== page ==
by Judy Hodgson
Louisiana-Pacific Corp., headquartered in Portland, Ore.,
was formed in 1973 from 20 percent of the holdings of Georgia-Pacific
Today, L-P owns 1.5 million acres of timberland and operates facilities in 29 states, Canada and Ireland. It is currently selling off most of its California assets. Annual sales: $2.5 billion in 1996.
Products include oriented strand board (OSB) structural panels, siding, engineered I-joists, veneer, fiberboard, particleboard, lumber, insulation, cement fiber roofing, plywood, and chlorine-free pulp used to produce paper.
The company's Western Division headquartered in Samoa, Humboldt County grew to a peak of 3,600 employees in 1976 and dropped to 1,800 by 1996 when the company was reorganized.
Harry Merlo was born in 1925 in Butte County, Calif. to Italian immigrant parents. Following service in World War II, he graduated from UC Berkeley in 1949 and joined Rounds Lumber Co. in Cloverdale. Merlo rose to vice president and part owner before Rounds was bought by Georgia-Pacific Corp. in 1967 the same year Lois Busey began working for G-P in Humboldt County.
Until 1995 when he was fired, Merlo had been L-P's only president. According to Business Week magazine, Merlo was "a gifted if abrasive visionary (who) pushed relentlessly for ever higher productivity and ever lower costs and instilled a demanding, performance driven culture." The Wall Street Journal called him a "swashbuckler."
Below is a timeline of some L-P highlights to the present:
1971 -- G-P appoints Merlo executive vice president of its Western Timber, Plywood and Lumber Division.
1973 -- Under government pressure, G-P spins off 20 percent of its assets. L-P is formed and Merlo named president.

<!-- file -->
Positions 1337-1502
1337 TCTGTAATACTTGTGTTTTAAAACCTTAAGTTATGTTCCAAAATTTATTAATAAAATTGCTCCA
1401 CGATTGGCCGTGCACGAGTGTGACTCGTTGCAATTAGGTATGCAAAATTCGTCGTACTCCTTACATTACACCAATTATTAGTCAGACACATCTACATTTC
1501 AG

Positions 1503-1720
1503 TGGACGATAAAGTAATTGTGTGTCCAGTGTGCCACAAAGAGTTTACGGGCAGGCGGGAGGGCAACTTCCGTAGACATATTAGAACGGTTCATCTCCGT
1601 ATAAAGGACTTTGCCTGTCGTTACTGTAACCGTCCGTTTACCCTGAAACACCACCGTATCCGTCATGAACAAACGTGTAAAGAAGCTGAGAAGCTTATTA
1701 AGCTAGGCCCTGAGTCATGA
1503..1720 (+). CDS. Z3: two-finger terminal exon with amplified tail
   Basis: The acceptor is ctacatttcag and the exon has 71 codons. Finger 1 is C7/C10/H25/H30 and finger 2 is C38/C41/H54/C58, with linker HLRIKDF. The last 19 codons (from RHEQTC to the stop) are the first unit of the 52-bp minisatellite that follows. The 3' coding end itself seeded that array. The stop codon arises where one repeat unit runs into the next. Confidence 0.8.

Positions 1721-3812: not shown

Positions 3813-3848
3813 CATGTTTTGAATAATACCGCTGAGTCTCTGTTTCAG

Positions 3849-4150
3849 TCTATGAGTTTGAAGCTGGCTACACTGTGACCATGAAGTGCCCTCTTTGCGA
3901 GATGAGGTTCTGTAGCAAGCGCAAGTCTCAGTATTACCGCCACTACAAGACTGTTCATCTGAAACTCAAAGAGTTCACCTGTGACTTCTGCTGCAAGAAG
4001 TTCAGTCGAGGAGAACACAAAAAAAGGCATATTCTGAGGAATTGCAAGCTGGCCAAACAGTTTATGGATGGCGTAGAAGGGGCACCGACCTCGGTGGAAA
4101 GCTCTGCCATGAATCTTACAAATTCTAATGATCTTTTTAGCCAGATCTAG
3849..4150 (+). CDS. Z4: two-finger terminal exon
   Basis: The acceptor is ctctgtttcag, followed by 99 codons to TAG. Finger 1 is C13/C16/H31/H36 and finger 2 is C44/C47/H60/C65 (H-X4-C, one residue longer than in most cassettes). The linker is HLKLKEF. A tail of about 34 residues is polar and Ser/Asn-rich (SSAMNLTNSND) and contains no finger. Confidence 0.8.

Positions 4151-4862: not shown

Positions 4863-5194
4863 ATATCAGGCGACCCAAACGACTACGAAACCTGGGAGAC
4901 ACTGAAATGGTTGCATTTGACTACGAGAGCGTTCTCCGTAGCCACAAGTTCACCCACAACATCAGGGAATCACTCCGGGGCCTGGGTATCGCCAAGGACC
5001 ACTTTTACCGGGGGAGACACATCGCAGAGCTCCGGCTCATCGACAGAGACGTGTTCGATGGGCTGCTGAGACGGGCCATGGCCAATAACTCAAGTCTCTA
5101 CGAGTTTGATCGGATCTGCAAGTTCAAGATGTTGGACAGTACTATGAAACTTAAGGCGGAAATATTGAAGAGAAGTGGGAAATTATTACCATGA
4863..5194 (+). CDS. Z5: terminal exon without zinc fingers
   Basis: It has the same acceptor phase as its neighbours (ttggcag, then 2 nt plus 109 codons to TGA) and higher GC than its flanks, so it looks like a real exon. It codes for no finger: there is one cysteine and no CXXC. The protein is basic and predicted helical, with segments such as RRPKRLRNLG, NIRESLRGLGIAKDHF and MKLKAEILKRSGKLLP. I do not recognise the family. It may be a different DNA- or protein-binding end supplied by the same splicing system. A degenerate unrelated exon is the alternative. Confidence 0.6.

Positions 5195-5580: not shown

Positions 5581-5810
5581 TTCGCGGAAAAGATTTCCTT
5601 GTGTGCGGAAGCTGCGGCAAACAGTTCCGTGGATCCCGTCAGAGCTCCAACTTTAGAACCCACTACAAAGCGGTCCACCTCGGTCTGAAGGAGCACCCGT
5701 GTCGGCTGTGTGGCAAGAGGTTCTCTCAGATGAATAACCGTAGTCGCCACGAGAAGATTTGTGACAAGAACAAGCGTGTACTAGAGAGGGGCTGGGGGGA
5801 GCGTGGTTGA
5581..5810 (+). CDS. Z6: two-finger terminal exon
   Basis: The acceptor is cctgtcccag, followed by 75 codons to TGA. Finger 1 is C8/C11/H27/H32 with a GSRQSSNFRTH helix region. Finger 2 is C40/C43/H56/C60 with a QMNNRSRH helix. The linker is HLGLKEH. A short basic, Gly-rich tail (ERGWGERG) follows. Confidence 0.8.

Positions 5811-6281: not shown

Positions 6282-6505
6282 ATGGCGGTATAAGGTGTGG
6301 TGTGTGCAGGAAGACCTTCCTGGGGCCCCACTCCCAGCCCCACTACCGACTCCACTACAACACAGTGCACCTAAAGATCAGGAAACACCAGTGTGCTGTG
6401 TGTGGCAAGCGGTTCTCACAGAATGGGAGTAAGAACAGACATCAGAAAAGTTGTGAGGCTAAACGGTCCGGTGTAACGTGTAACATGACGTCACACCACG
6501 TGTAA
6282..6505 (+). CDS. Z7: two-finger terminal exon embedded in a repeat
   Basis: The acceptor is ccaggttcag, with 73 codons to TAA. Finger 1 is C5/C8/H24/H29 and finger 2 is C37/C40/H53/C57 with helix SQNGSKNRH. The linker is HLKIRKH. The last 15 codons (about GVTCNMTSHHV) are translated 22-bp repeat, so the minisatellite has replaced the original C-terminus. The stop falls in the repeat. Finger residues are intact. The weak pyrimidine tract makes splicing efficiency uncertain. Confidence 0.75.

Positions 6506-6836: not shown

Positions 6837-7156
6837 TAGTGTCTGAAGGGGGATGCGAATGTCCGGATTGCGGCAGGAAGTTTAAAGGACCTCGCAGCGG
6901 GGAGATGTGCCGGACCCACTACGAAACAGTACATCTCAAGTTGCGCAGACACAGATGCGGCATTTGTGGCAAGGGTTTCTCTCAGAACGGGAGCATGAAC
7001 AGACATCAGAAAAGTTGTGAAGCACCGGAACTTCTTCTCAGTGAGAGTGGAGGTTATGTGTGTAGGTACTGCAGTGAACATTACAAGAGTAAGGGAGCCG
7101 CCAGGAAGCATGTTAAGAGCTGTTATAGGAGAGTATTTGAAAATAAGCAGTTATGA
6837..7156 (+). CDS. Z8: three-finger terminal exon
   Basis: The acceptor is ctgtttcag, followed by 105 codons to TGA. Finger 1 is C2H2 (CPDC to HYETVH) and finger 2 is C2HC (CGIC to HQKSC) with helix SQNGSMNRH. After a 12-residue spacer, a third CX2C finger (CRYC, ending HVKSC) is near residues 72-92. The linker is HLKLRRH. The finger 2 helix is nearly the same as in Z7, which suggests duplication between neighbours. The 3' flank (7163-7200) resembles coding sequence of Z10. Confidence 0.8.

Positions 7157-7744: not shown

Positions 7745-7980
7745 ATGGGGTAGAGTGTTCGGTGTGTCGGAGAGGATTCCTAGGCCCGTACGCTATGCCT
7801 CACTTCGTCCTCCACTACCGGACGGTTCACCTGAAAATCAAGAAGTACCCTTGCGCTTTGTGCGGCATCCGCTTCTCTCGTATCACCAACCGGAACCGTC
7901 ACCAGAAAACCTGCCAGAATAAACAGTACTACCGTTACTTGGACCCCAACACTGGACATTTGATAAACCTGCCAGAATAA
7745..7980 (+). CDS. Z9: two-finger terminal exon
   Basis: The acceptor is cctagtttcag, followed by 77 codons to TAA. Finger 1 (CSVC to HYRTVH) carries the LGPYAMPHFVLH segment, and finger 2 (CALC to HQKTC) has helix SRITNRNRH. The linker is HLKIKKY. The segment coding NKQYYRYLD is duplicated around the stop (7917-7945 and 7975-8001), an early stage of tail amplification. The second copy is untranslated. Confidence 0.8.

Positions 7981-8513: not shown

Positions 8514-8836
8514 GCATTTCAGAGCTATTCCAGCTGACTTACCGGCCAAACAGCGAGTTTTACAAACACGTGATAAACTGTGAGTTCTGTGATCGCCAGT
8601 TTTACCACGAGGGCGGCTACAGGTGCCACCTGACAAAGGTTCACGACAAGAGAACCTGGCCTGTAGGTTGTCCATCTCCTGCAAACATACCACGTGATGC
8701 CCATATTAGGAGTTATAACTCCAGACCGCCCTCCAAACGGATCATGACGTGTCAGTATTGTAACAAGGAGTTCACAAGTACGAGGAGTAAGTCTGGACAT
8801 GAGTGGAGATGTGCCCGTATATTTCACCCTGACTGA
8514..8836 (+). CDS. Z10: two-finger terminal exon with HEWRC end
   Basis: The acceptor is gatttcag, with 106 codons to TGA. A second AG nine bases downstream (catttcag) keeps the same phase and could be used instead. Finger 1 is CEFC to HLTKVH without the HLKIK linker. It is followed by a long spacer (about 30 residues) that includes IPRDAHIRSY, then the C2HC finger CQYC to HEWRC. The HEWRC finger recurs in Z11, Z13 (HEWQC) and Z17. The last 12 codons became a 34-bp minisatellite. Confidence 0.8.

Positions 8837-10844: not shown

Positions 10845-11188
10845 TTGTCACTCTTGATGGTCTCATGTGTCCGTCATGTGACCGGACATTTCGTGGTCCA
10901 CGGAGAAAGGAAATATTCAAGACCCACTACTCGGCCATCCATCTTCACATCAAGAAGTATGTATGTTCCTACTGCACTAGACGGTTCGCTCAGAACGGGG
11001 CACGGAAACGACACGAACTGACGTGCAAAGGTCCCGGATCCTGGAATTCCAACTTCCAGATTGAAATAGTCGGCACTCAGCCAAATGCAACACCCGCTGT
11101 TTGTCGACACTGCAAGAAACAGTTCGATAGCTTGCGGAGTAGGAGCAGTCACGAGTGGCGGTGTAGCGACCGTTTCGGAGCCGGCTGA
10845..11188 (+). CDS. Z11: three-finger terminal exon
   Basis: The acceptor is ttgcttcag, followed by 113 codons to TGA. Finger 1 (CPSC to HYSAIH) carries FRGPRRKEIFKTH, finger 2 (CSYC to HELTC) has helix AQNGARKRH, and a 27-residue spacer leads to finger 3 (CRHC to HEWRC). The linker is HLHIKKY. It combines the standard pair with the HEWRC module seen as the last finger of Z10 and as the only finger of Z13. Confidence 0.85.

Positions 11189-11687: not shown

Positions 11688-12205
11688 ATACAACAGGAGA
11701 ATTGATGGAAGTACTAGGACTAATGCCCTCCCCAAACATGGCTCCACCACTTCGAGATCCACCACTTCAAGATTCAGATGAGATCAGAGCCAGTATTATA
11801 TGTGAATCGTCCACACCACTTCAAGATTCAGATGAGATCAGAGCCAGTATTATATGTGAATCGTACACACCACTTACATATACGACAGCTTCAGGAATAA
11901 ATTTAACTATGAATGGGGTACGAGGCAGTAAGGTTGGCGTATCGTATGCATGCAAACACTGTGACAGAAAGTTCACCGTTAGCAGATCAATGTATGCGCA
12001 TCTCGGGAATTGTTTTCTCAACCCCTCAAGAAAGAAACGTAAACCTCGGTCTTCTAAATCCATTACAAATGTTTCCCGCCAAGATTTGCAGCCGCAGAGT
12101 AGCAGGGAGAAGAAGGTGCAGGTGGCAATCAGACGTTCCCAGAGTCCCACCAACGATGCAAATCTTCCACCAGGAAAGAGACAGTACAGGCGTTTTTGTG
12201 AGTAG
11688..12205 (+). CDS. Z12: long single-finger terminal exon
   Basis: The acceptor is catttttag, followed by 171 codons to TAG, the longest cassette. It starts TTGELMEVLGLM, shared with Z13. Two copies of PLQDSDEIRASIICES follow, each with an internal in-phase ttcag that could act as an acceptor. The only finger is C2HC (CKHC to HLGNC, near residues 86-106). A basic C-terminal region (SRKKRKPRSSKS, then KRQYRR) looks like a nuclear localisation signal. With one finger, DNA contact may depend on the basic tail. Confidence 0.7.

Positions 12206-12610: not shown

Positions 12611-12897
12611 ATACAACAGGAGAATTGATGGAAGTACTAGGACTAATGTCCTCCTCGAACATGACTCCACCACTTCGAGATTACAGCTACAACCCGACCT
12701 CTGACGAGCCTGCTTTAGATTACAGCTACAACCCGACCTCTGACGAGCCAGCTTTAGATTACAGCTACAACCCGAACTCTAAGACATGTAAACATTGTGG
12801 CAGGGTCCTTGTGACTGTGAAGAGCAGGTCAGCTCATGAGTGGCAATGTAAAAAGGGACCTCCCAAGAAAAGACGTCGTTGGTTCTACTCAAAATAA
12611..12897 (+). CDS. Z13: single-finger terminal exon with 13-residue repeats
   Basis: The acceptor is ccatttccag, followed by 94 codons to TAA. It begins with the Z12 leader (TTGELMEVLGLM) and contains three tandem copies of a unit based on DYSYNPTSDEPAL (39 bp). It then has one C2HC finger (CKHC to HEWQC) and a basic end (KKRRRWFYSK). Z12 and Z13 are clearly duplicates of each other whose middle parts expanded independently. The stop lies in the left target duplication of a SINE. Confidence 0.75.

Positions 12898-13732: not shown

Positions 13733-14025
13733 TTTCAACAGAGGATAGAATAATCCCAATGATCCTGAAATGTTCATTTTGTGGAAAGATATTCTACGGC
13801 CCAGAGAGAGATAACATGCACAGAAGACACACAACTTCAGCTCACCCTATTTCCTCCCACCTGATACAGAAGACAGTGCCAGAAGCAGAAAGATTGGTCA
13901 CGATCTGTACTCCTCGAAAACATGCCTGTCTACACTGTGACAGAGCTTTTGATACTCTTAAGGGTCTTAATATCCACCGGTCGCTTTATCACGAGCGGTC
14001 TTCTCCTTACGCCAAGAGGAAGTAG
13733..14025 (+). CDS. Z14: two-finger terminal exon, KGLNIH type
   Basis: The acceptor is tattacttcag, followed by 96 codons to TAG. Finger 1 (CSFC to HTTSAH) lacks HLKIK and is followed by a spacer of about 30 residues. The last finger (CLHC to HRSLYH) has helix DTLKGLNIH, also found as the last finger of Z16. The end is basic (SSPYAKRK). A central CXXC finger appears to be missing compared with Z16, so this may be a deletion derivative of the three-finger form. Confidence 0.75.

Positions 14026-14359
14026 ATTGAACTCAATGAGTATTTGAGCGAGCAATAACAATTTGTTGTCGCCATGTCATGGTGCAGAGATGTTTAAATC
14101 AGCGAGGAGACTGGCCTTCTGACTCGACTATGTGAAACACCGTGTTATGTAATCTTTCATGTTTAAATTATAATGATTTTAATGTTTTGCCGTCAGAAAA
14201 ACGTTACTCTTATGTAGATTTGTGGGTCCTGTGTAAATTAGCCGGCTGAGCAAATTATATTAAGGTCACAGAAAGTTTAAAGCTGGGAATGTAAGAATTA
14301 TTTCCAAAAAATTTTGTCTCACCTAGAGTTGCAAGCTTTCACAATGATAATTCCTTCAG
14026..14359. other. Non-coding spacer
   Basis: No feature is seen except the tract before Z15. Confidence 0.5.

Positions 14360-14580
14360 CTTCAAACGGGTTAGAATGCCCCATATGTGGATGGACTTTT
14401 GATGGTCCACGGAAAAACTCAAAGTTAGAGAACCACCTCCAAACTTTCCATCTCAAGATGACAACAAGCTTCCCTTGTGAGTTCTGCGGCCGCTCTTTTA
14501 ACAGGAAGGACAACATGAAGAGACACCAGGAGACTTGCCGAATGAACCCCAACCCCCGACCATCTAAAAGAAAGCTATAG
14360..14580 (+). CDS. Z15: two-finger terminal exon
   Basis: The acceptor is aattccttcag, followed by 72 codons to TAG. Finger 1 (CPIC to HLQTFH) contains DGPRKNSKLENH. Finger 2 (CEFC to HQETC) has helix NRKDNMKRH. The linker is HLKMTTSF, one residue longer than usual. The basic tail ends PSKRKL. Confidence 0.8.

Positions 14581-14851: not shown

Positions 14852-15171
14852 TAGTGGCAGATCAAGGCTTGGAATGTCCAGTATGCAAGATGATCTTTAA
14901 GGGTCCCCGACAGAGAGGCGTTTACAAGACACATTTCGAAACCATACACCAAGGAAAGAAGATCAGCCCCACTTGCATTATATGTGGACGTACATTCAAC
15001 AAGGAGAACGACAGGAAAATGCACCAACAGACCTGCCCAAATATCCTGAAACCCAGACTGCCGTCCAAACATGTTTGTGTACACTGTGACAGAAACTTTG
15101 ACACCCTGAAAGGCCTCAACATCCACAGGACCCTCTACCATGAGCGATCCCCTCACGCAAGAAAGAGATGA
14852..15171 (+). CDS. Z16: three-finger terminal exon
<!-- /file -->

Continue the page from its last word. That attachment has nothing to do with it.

1974 Merlo appointed L-P chairman.
1978 -- L-P uses the Redwood National Park expansion money to buy timberland in Texas and California..
1980 -- Merlo receives Horatio Alger Association's Distinguished Americans Award as an industry leader in developing innovative building materials including OSB made from paper-thin slices of "weed" trees.
1985 -- L-P markets a version of OSB as Inner Seal house siding with a 25-year warranty. Some siding in moist climates begins to deteriorate, prompting lawsuits.
1986 -- L-P decertifies sawmill workers union after years of labor strife.
1989 -- L-P pays $2.3 million as result of Surfrider Foundation lawsuit over ocean discharge from the Samoa pulp mill.
1990 -- L-P builds a drying yard in Mexico and begins barging lumber south, a venture which eventually proved unprofitable.
1990 -- Redwood Summer protesters target L-P logging operations drawing national media attention.
1991 -- Leaked internal memos between Merlo and top Western Division executives confirm L-P has been overcutting North Coast timberlands.
1992 -- unexpectedly fires L-P Western Division Manager Joe Wheeler and replaces him with Bob Simpson, son of a retired L-P executive.
1994 -- L-P pulp mill is again listed as California's No. 1 industrial polluter of air, land and water, according to the EPA. However, data was collected prior to a multi-million upgrade that made the plant chlorine-free and the cleanest in the nation.
1995 -- An L-P plant in Colorado is indicted on conspiracy and fraud charges for tampering with emissions control equipment and falsifying pollution reports.
1995 -- is ousted as chief executive as lawsuits and federal probes mount.
1996 -- L-P settles defective siding lawsuit, agreeing to pay $275 million to homeowners.
1996 -- Suwyn is appointed as chief executive officer, claiming L-P will operate "with full regard for the environment."
1998 -- L-P divests of most California properties. Timberland and plants in Mendocino are sold to members of San Francisco's Fisher family, owners of The Gap clothing chain. Simpson Timber Co. purchases L-P Humboldt County timber and sawmill operations, the town of Samoa and the historic Cookhouse.
1998 -- Samoa pulp mill with its 230 employees is relisted for sale. L-P plans to retain ownership of the Arcata particleboard plant, soon-to-be the only L-P property on the North Coast.
1998 -- L-P pleaded guilty to fraud and environmental charges in federal court and agreed to pay $37 million in fines and other costs, including $5.5 million for violations of the federal Clean Air Act, the largest fine in U.S. history.
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